John McIntyre, whom James Wolcott calls "the Dave Brubeck of the art and craft of copy editing," writes on language, editing, journalism, and other manifestations of human frailty. Comments welcome. Identifying his errors relieves him of the burden of omniscience. Write to firstname.lastname@example.org, befriend at Facebook, or follow at Twitter: @johnemcintyre. Back 2009-2012 at the original site, http://weblogs.baltimoresun.com/news/mcintyre/blog/ and now at www.baltimoresun.com/news/language-blog/.
Thursday, January 28, 2010
This one, from The Ridger:
You know you can't tell them apart when you say them. Dogs, dog's, dogs' Is it any wonder people make spelling errors? Lighten up on them.
And please don't attack me; I did say they were errors. I just don't think they're harbingers of doom. Show a person who confuses "it is" with "its" (not "it's", "it is") and I will concede that he "doesn't know the difference" as opposed to "can't spell well".
And these two, from mike:
I would argue (and have) that it's a melancholy state of orthographical protocol that seems to require repeated tutorials to master these rules. The fact is, the system we have for when and when not to use the apostrophe is ridiculously complicated, and gets in the way every single day of what the ultimate purpose of writing is: to get information down on paper, real or virtual. If it seems that a majority (let's assume) of people who write English cannot seem to master these rules, where's the problem, with the people or with the rules? In my business (computers), if people can't seem to figure out how to use a program, you blame poor program design, not ill-educated users.
FWIW, apostrophes have been used "incorrectly" throughout the history of English to mark plurals. Dryden did it consistently, for example.* (Have a look at handwritten manuscripts from days of yore. You might be surprised at what you find for spelling and punctation.) As I say, it's just too confusing. More and earlier education is _not the answer_. A more logical system is the real answer. Writing ordinary English should not require a decade of study.
The root of the matter is that writing is not natural. Speech is. A child who is not impaired or kept in isolation will learn language ⎯ vocabulary and grammar both ⎯ in just a few years because the capacity for that feat is evolutionarily hard-wired into the species.
But writing has been among us for a comparatively short time, and it must be learned laboriously through schooling.
That is why, as The Ridger points out, that we generally know exactly what a speaker means, because we mastered spoken English in infancy and early childhood. But our grasp of written English, even after much schooling, is tenuous.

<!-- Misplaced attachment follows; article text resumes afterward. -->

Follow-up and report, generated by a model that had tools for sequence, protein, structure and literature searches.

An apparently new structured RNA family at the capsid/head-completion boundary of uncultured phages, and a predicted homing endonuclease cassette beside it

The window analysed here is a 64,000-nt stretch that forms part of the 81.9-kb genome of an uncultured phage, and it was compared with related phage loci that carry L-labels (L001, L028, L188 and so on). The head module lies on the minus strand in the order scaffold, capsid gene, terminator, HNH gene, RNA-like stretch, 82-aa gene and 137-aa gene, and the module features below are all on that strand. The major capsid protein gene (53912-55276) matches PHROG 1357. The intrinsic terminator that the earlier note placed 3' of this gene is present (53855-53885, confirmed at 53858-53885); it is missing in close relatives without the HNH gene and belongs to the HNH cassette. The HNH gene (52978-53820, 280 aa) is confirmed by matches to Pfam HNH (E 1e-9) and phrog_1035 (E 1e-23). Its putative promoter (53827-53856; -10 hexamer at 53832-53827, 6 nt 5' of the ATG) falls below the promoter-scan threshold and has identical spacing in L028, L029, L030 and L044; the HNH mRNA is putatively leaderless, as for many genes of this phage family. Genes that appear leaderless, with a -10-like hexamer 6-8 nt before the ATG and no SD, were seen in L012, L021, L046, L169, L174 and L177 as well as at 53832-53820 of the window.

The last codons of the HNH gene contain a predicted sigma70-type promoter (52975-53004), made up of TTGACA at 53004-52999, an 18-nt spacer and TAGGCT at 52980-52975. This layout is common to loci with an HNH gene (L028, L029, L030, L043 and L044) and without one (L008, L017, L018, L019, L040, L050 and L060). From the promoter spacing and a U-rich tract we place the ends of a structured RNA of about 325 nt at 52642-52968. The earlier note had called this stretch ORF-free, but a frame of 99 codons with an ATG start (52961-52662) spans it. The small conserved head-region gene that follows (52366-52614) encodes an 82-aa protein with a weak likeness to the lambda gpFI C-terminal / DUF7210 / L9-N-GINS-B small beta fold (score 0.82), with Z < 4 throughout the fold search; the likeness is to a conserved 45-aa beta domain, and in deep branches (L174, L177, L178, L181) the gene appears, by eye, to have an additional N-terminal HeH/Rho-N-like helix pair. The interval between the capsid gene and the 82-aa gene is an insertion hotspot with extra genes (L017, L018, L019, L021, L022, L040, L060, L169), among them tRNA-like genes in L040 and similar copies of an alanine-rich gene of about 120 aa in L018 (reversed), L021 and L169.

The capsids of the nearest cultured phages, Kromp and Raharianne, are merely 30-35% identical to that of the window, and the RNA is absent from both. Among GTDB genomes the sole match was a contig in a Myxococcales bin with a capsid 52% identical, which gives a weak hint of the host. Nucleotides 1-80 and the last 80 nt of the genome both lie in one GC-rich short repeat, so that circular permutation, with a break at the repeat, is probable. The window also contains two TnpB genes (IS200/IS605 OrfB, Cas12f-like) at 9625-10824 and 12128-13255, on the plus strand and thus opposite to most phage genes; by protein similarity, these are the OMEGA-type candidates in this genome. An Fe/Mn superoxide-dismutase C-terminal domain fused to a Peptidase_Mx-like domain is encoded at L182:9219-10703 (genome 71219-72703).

Add to that the kind of language that English is. For all its richness and flexibility, and its grand literature, it is just a slut, picking up vocabulary and grammar promiscuously from other languages. It started out as Anglo-Saxon, a Germanic language, and then slept with Norman French and Latin.
This is part of the reason that English orthography is a nightmare, some of it from Anglo-Saxon patterns and some of it from the classical languages that English shamelessly plundered. Standardization of spelling dates pretty much from the nineteenth century, so we haven’t even been at that for very long.
The hope for “a more logical system,” is, I fear, a chimera. Noah Webster wanted to reform the spelling of American English, and he had a limited degree of success (color and honor instead of colour and honour, for example. Big whoop). George Bernard Shaw campaigned tirelessly for a simplified spelling. He failed. And even the formidable Col. Robert Rutherford McCormick of the Chicago Tribune must see with chagrin from his celestial tower that the World’s Greatest Newspaper has long since abandoned his pet spellings.
No, English is, as she always has been, a wayward wanton, and we have to accept her as we find her, not as we would wish her to be.
Maddening and irregular as they are, the conventions of spelling, the conventions of punctuation, and the inconsistencies of plurals and possessives remain there to be learned by anyone who has any pretension to mastering the craft of writing.
*Be careful, mike. You will probably want to use Dryden as a bad example for his insistence that English sentences should not end with prepositions. In any event, persons writing before the publication of reliable English dictionaries or standardized orthography are not the best examples to cite in this connection.